Report: A Smart Grid Is a Hackable Grid

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If you build it, they will hack it. That's the message from researchers at the IEEE SmartGridComm2010 conference, who warned that grid hackers could make money or mayhem by going after substations' data. While the dumb grid has many oft-cited problems, adding more digital sensors and controllers to it may make it more vulnerable to attack.

Attackers could manipulate power-grid data by breaking into substations and intercepting communications between substations, grid operators, and electricity suppliers. This data is used by grid operators to set prices for electricity and to balance supply and demand, the researchers say.

Grid hackers could make millions of dollars at the expense of electricity consumers by influencing electricity markets. They could also make the grid unstable, causing blackouts. The attacks would be difficult to trace, according to Le Xie, an assistant professor of electrical and computer engineering at Texas A&M University, speaking at the IEEE SmartGridComm2010 conference in Gaithersburg, Maryland, this week.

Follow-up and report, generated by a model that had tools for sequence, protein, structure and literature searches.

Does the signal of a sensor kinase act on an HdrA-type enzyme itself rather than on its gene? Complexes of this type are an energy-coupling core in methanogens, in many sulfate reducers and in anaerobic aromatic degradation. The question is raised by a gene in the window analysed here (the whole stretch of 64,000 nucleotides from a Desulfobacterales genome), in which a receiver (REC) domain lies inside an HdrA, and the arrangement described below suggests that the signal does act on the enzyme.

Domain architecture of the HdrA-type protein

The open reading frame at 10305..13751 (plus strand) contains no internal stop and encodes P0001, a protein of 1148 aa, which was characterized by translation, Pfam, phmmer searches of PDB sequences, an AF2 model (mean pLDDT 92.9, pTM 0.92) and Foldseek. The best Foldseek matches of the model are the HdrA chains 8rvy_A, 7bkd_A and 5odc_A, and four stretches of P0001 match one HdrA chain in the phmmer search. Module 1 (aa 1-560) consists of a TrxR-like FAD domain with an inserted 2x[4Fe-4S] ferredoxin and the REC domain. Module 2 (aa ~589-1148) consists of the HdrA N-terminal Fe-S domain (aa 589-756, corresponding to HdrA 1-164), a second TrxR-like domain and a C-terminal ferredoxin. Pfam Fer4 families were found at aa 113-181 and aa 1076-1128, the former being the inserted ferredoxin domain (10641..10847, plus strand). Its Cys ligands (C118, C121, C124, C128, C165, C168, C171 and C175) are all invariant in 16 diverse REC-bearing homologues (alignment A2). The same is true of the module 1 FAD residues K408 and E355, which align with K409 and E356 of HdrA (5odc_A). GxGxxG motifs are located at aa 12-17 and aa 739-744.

Vulnerabilities have existed in some grid systems for decades. But the threat is becoming worse as more substations become automated, and unmanned, making it easier for an attacker to access grid data. As utilities move over to open communications standards, as part of the migration to the "smart grid," it could get even easier to intercept communications or hack into systems remotely.

Via Jason Pontin, read the full story at Technology Review.

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Alexis C. Madrigal

Alexis Madrigal is a senior editor at The Atlantic, where he oversees the Technology Channel. He's the author of Powering the Dream: The History and Promise of Green Technology. More

The New York Observer calls Madrigal "for all intents and purposes, the perfect modern reporter." He co-founded Longshot magazine, a high-speed media experiment that garnered attention from The New York Times, The Wall Street Journal, and the BBC. While at Wired.com, he built Wired Science into one of the most popular blogs in the world. The site was nominated for best magazine blog by the MPA and best science Web site in the 2009 Webby Awards. He also co-founded Haiti ReWired, a groundbreaking community dedicated to the discussion of technology, infrastructure, and the future of Haiti.

He's spoken at Stanford, CalTech, Berkeley, SXSW, E3, and the National Renewable Energy Laboratory, and his writing was anthologized in Best Technology Writing 2010 (Yale University Press).

Madrigal is a visiting scholar at the University of California at Berkeley's Office for the History of Science and Technology. Born in Mexico City, he grew up in the exurbs north of Portland, Oregon, and now lives in Oakland.

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